Seeking immunity from prosecution. Promoting voter suppression. Cozying up to dictators and promoting revisionist history. Pandering to fundamentalists and right-wing extremists in his own country. Attacking the media, both on his own and using his son as a proxy.
These are just some of the activities Donald Trump and Israeli Prime Minister Benjamin Netanyahu have in common.
And now add to that list, desperately diverting attention, because after ostensibly being in the works since Trump took office, it was no coincidence that the “peace plan” forged by Jared Kushner, with no participation by the Palestinians, rolled out by the two men on Tuesday. That was the very day that Trump’s defense team offered closing arguments in his impeachment hearing and Netanyahu, deciding that it was preferable to run for office as an indicted criminal than to allow the Knesset to debate his fitness for office for weeks before an upcoming election, formally withdrew his bid for immunity from prosecution.
Trump referred to the “peace” plan as a “win-win.” Certainly, it’s a win for Israel, who now has the blessings of the United States to unilaterally annex the steadily growing territory it has illegally occupied. And yes, it provides the Palestinians with a “conceptual map” (albeit a map more tortured and non-contiguous than the most gerrymandered of Congressional districts) for an eventual semi-, sort-of-autonomous but not independent Palestinian state.
Indeed, the president claims that the plan would “more than double Palestinian territory.” That’s true. But the proposed 2000 Camp David plan gave the Palestinians almost the entire West Bank, and since today the Palestinian Authority only controls about 40% of that territory, even a 100% increase would net less than what was offered to them 20 years ago.
In an inexcusable act of political cowardice, Yasser Arafat rejected that proposal at the last minute, and Palestinians have been paying a mounting price ever since. But it’s equally reprehensible to claim that this agreement is meant to serve as the basis for negotiation. It isn’t; it’s a detailed, take-it-or-leave-it offer to the Palestinians, in which, as The Forward explains it, “…the Palestinian Authority has to abide by the terms of a plan they never agreed to in order to negotiate a peace deal that will be based on that same plan they never agreed to.”
I am no expert on the Middle East. But even to a layperson like me, it seems evident that the “win-win” here lies not in a plan that has yet to be endorsed by the United Nations or by any Arab country and will inevitably be rejected by the Palestinians. No, the wins here are purely personal, solely in the interests of two men who have consistently demonstrated their willingness to put power and the accumulation of personal wealth above the greater good.
Trump gets to say he delivered on a promise to make “the deal of the century,” and if it’s not adopted, well, that’s not his fault. More importantly, he gets to buoy his already robust standing among American evangelicals for whom the presence of an intact Biblical kingdom of Israel is a prerequisite for the Christian apocalypse. And, as icing on the poison cake, he gets a sure-fire issue to sow division in the generally progressive American Jewish community and nail the Democratic Party if and when they do not uphold this plan.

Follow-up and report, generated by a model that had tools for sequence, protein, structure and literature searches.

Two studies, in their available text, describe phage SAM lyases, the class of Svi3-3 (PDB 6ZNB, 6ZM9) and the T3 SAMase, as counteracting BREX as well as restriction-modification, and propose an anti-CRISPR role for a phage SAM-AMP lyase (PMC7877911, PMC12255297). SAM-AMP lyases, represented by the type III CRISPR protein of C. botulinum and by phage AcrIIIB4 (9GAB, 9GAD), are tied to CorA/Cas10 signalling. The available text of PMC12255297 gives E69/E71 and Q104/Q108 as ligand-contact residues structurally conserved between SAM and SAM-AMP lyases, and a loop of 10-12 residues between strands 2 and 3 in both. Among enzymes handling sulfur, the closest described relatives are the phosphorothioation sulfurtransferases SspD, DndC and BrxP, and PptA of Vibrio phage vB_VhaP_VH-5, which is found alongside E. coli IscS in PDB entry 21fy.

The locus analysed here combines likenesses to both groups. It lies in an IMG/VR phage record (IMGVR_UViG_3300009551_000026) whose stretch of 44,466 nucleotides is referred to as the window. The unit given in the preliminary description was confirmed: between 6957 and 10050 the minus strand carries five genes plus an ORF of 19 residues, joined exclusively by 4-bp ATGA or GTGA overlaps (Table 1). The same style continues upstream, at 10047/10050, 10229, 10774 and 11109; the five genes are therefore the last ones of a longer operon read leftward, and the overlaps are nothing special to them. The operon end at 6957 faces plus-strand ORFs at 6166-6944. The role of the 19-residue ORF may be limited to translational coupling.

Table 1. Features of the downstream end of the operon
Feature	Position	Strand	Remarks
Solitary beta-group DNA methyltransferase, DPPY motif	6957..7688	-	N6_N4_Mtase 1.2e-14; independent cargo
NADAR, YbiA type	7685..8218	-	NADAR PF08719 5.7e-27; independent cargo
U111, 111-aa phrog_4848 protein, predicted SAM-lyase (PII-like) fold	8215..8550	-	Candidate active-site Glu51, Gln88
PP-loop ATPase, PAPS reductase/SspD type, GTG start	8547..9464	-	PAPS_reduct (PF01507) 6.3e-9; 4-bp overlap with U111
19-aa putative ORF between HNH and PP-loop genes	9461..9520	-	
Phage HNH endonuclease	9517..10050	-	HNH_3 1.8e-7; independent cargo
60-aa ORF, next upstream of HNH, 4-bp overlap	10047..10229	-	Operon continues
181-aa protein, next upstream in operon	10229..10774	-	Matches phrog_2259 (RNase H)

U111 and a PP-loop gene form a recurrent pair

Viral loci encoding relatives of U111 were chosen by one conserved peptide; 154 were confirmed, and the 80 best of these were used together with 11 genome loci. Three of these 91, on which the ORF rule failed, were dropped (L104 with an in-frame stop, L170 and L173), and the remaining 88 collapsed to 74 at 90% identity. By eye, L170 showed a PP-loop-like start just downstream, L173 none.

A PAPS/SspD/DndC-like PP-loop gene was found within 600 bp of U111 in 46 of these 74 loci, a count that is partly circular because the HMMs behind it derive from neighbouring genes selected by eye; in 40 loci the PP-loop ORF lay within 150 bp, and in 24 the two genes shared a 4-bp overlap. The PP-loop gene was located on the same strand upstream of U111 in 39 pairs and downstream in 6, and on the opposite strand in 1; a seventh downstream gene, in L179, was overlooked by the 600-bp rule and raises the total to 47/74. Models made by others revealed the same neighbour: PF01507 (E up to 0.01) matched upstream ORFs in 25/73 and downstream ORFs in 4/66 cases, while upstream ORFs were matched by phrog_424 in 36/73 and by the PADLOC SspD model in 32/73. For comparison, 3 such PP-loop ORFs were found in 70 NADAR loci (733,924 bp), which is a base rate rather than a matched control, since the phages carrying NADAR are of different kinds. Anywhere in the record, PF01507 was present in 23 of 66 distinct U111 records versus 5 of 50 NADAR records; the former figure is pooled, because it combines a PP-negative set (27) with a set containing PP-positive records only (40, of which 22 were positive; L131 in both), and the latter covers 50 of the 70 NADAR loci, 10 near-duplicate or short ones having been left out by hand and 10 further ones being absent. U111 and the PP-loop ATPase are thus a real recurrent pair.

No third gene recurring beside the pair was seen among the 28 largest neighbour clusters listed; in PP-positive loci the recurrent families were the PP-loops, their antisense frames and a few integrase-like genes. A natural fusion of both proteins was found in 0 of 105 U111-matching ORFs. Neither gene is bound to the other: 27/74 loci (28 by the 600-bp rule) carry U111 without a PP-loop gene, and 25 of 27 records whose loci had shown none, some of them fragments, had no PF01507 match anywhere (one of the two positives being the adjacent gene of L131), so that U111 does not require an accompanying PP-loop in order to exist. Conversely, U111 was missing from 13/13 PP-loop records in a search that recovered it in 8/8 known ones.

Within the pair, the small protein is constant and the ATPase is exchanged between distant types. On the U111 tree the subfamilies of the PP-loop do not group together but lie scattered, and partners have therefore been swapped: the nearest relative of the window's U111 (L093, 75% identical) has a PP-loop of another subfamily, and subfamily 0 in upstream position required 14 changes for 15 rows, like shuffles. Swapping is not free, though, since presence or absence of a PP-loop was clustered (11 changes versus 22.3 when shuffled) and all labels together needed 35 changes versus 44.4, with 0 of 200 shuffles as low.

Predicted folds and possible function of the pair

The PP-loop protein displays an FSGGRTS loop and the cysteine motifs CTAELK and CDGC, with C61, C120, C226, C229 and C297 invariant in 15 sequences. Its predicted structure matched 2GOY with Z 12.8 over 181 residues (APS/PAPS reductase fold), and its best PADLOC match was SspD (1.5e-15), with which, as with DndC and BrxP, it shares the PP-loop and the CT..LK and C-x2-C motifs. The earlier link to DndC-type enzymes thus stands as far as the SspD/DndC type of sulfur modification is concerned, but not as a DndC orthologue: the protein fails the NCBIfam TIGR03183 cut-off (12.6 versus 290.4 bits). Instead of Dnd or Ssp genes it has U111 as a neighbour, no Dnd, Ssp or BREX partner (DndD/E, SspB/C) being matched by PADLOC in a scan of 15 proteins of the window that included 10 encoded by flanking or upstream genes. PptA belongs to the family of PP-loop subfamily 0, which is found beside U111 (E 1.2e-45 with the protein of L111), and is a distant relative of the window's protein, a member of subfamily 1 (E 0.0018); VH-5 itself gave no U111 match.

The idealistic Israel that I was taught about as a child ... is long gone...
As for Netanyahu, he gets more red meat five weeks before yet another Israeli election in which he hopes to extend his rule. He knows the Palestinians will reject the Trump plan, giving him the green light to annex the Jordan valley and ensure that Israel stretches from “river to sea” -- now a Hamas slogan, but one based on the original Zionists’ vision of the country’s borders and still held dear by Israel’s religious right.
Like many North American Jews of my generation, my sense of cultural identity was forged by the values of immigrant ancestors from Eastern Europe. I relate far more to the legacies of social justice activists like Andrew Goodman, Michael Schwerner, and Emma Goldman, to the profound and progressive work of Jewish writers like Vivian Gornick, E.L. Doctorow, and Philip Roth than I do to the founders and heroes of the Zionist movement. The idealistic Israel that I was taught about as a child — the one populated by socialists “turning the desert green” on utopian kibbutzim — is long gone, and I confess both my discomfort with and relative ignorance of what has replaced it.
But here’s what I do know. The exhortations in Jewish liturgy to “welcome the stranger” and to repair the world (tikkun olam), the declaration in the Kol Nidre that we are absolved of our vows to God but not to other people — these lie at the heart of the Jewish identity I share with so many others. As the late author and Holocaust survivor Elie Wiesel put it, “Religion is not man’s relationship to God, it is man’s relationship to man.”
Trump’s relationship to man is consistently vile. He welcomes the adulation of white nationalists, persecutes refugees (the strangers), and in his assault on environmental protections doesn’t repair but instead quite literally destroys the world. So to see a Jewish leader become Donald Trump’s double is not only painful, but infuriating. During the week in which we recognize the 75th anniversary of the liberation of Auschwitz, both men are fouling the memories of the murdered and incinerating the lessons so brutally taught by the Holocaust.
Elie Wiesel also said that, “Wherever men and women are persecuted because of their race, religion, or political views, that place must — at that moment — become the center of the universe.”
That place, those people must be the center of the universe — not the two would-be dictators who seek to oppress them for their own advancement.
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